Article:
American Fable is ambitious, maybe too much so sometimes, but there's an intense pleasure in the boldness of the film's style.
"Orphans" is a good play about behavior that has been turned into a mediocre movie about nothing much at all. That is not intended as a criticism of the filmmakers, but simply as an observation about the nature of the material.
Although it is possible to construct elaborate theories about this movie, you blink and they're gone. "Orphans" is not about a man who wants to be a father, or about boys who want to have a father, or about sublimated sexual desires, or about the underlying bond between criminals and outcasts. It is about shouting and jumping around and posturing and eccentric behavior. The movie stars Albert Finney as a Chicago gangster who travels to Newark with a briefcase full of negotiable bonds and promptly gets drunk out of his mind in a tavern. He runs across Matthew Modine, a street punk, and instantly sentimentalizes him as a Dead-End Kid - perhaps out of some maudlin idea the gangster has of his own childhood. Finney gets even more drunk, passes out and wakes up tied to a chair. He has been kidnapped by Modine, who lives with his brother (Kevin Anderson) in a crumbling house in the middle of an urban wasteland. Finney never loses his cool. He frees himself of his bonds and then, amazingly, does not take the opportunity to escape. Instead, he stays in the house, cleaning and painting it, and appoints himself to tutor the two brothers in the ways of the world. His task is to tame and domesticate Modine, who is too hot-tempered, and to free Anderson of self-imprisonment (the kid hasn't even been outdoors in years, because Modine has convinced him he's allergic to the outside world).
Modine has a stake in keeping his brother imprisoned. It gives him power and a godlike role in their small world. Finney works artfully, using object lessons, parables, and question-and-answer sessions, feeling his way, talking these kids into a new view of themselves. There is a lot of stage business for him to perform while he talks. He paints, does carpentry, plays with his gun, and watches while Anderson swings from the curtains and tumbles around the set like a monkey in a cage. Modine alternates between aggression and passivity; he takes a strong line at first but eventually confesses his ignorance to the older man.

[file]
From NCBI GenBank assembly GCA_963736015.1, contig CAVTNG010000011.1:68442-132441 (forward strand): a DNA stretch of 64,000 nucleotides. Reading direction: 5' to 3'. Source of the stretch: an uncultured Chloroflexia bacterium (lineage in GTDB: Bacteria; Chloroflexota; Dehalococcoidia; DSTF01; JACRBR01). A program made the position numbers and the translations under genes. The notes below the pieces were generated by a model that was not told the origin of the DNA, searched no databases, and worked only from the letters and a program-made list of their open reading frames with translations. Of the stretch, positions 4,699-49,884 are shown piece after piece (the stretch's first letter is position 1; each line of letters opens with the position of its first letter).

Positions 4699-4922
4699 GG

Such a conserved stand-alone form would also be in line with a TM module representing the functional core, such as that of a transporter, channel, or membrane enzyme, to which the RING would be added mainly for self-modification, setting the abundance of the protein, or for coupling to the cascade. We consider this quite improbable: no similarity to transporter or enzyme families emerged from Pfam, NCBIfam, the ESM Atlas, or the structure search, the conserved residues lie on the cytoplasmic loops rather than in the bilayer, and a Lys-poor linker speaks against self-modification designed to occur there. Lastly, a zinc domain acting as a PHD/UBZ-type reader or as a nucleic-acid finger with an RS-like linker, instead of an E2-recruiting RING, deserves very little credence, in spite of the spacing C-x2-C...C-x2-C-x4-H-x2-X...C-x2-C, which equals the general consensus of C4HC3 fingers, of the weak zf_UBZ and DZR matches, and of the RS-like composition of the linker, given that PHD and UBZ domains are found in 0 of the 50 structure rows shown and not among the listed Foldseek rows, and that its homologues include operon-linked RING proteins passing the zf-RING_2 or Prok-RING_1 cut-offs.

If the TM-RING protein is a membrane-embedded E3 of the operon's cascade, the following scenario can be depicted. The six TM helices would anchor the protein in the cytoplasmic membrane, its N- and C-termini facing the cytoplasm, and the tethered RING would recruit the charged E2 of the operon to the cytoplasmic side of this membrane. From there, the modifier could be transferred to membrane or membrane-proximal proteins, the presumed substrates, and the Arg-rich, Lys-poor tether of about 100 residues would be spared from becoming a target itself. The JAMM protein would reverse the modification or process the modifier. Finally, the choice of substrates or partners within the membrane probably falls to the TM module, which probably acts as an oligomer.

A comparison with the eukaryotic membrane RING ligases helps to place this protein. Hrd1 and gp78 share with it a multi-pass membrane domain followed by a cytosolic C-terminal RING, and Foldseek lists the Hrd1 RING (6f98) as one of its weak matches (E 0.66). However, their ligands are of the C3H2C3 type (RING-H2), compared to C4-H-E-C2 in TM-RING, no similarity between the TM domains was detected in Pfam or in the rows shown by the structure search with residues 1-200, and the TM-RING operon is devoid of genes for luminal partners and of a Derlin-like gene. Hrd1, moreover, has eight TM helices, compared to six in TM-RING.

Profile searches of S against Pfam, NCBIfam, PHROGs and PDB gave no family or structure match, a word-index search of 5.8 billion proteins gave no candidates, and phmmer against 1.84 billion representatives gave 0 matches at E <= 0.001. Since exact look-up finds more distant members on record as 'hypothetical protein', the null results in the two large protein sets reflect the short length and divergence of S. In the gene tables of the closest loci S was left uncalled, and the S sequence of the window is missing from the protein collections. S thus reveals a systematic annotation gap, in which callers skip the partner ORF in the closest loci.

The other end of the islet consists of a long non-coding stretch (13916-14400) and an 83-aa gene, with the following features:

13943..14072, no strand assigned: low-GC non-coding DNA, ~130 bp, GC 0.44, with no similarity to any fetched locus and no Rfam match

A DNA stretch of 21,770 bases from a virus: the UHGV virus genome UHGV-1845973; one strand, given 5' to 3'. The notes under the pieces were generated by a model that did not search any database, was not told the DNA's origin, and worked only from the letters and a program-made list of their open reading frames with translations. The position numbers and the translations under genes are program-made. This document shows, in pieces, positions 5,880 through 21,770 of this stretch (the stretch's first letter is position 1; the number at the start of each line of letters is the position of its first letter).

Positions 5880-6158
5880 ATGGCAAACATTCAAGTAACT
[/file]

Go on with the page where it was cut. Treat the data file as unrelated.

This sort of material is strong on the stage. You enter the same time and space as the actors, and the lights go down, and they project great energy at the audience, which leaves feeling slightly more dangerous and alive than when it entered the room. It is a very satisfactory experience. Plays such as Lyle Kessler's "Orphans" and Sam Shepard's "True West" (with its suite for pop-up toasters) can be considered as concerts for voices and movement. The playwright supplies the words and suggests the actions, and the actors cry and whisper, leap and crouch, fight and surrender, and reveal great hurts from their pasts. Along the way, it is important, of course, that they change and that they discover some measure of the truth about themselves.